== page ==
Recognizing the Patient

by James Cavuoto, editor

May 2023 proved to be a busy month for the neurotechnology industry, as evidenced by this largest issue ever of Neurotech Business Report. If one theme stands out among the several groundbreaking studies and commercial developments this month, it is the importance of developing personalized therapies that are tailored to each patient.

As we report in our coverage of the American Psychiatric Association meeting in San Francisco [see article, p16], new neuromodulation therapies for disorders like major depression are achieving better results because device vendors and clinicians are able to customize a treatment regimen to the individual characteristics of each patient. And as we report in our vendor profile this month, SCS manufacturers such as Nevro are making use of artificial intelligence and big data to optimize stimulation paradigms for patients with chronic pain.

But in order for this strategy to work best, developers of new device therapies need two things: an understanding of the mechanism of action by which a particular therapy exerts its effect, and a signal or biomarker that indicates how well the therapy is working.

And that’s why we’re so encouraged by the the recent work of Prasad Shirvalkar and colleagues at UCSF in identifying brain circuits that are indicative of the perception of pain [see article p1]. Studies like this will not only help personalize neuromodulation therapies to individual patients, or to classes of patients, they can also go a long way toward helping clinical trial sponsors select the most appropriate participants to maximize the probability of a successful trial.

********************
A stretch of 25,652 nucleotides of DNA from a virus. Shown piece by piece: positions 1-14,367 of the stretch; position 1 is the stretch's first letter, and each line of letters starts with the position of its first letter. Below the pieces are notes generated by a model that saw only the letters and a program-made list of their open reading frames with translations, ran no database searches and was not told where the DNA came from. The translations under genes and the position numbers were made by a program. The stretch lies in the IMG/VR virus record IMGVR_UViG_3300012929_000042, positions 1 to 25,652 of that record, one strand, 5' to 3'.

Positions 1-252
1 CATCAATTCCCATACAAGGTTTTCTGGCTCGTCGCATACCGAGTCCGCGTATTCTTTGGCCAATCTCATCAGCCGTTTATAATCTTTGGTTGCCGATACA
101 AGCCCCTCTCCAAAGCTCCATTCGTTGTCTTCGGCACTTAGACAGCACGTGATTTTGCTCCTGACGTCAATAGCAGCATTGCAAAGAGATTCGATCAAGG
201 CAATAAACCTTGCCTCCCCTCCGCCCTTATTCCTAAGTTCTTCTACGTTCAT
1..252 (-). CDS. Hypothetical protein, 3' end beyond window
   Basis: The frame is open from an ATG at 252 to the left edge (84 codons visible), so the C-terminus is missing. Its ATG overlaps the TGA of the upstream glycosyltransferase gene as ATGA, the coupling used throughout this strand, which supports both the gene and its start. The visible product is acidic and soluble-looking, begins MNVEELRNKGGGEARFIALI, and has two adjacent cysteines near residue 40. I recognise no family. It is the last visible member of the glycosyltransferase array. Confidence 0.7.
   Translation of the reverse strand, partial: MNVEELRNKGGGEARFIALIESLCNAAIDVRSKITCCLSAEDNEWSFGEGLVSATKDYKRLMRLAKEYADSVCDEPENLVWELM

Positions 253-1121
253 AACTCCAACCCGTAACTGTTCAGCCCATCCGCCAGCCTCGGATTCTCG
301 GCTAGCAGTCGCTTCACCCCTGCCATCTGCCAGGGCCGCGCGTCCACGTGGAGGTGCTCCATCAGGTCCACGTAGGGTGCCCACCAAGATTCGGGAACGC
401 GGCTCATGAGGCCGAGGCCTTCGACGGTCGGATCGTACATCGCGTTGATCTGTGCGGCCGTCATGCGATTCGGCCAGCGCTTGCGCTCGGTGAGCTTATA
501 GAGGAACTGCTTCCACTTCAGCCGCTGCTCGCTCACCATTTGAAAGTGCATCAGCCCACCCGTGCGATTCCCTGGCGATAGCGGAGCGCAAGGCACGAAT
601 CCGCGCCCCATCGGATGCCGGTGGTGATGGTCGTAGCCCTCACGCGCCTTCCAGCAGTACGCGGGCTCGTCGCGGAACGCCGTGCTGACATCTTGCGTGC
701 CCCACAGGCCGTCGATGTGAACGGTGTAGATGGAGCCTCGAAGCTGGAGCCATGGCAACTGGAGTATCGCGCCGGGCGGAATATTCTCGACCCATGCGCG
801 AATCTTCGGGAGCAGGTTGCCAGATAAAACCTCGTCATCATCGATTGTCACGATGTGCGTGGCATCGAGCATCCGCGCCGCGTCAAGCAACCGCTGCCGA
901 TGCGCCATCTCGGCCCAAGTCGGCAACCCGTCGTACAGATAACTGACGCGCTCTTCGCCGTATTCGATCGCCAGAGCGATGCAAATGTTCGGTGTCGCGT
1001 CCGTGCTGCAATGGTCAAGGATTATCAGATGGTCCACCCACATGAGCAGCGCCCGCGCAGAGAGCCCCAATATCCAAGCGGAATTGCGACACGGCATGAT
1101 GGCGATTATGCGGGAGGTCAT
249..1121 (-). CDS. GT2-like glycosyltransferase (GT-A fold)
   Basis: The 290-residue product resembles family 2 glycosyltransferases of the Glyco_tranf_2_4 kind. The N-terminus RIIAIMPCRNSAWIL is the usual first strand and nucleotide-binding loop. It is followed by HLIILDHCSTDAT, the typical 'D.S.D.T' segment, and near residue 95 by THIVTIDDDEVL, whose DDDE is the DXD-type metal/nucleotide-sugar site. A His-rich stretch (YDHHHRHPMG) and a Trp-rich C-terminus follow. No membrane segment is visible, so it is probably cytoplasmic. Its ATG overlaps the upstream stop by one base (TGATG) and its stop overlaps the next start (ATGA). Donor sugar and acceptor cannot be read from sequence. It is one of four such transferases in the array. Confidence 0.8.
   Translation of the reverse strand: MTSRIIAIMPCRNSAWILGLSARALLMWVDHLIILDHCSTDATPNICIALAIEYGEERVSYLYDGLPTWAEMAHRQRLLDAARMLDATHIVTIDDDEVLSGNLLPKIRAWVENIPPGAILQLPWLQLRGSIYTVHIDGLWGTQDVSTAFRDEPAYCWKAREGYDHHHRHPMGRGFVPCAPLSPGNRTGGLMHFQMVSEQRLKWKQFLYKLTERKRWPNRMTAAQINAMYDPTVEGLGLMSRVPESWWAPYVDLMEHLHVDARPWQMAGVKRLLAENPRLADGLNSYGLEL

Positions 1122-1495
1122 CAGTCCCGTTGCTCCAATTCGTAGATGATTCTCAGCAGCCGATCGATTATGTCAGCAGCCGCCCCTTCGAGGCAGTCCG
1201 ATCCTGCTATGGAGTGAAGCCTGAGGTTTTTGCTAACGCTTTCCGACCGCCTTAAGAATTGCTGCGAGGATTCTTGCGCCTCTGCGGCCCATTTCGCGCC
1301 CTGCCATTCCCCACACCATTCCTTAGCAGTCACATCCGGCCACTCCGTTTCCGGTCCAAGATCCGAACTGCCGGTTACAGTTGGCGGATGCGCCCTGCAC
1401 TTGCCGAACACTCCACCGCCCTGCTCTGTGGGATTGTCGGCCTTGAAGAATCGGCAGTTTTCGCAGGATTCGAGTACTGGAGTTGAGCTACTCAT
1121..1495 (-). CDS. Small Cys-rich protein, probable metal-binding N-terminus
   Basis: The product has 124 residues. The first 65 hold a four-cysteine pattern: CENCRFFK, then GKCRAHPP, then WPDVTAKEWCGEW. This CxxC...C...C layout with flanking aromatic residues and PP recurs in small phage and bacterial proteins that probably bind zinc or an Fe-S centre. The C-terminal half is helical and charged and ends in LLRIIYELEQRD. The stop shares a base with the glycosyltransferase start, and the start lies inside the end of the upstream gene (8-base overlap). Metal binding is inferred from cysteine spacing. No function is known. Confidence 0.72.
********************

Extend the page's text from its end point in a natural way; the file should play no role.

Gone are the days when neuromodulation vendors could get away with delivering the same stimulation parameters to everyone.

This point was brought home by the blogger and Parkinson’s disease patients advocate Benjamin Stecher, who recently took part in a NIH-sponsored workshop along with researchers in that field. “All of our disease modifying therapies aim to paint all or most of us with the same PD brush,” he wrote. “We must begin to treat those diagnosed as individuals, and embrace the tough reality that it is likely that there are dozens of factors contributing to each person’s individual disease if we are going to make progress.”

Clearly, the more we understand about the underlying cause of a particular neurological disease or disorder, the better able we will be to develop personalized therapies that are best for each patient.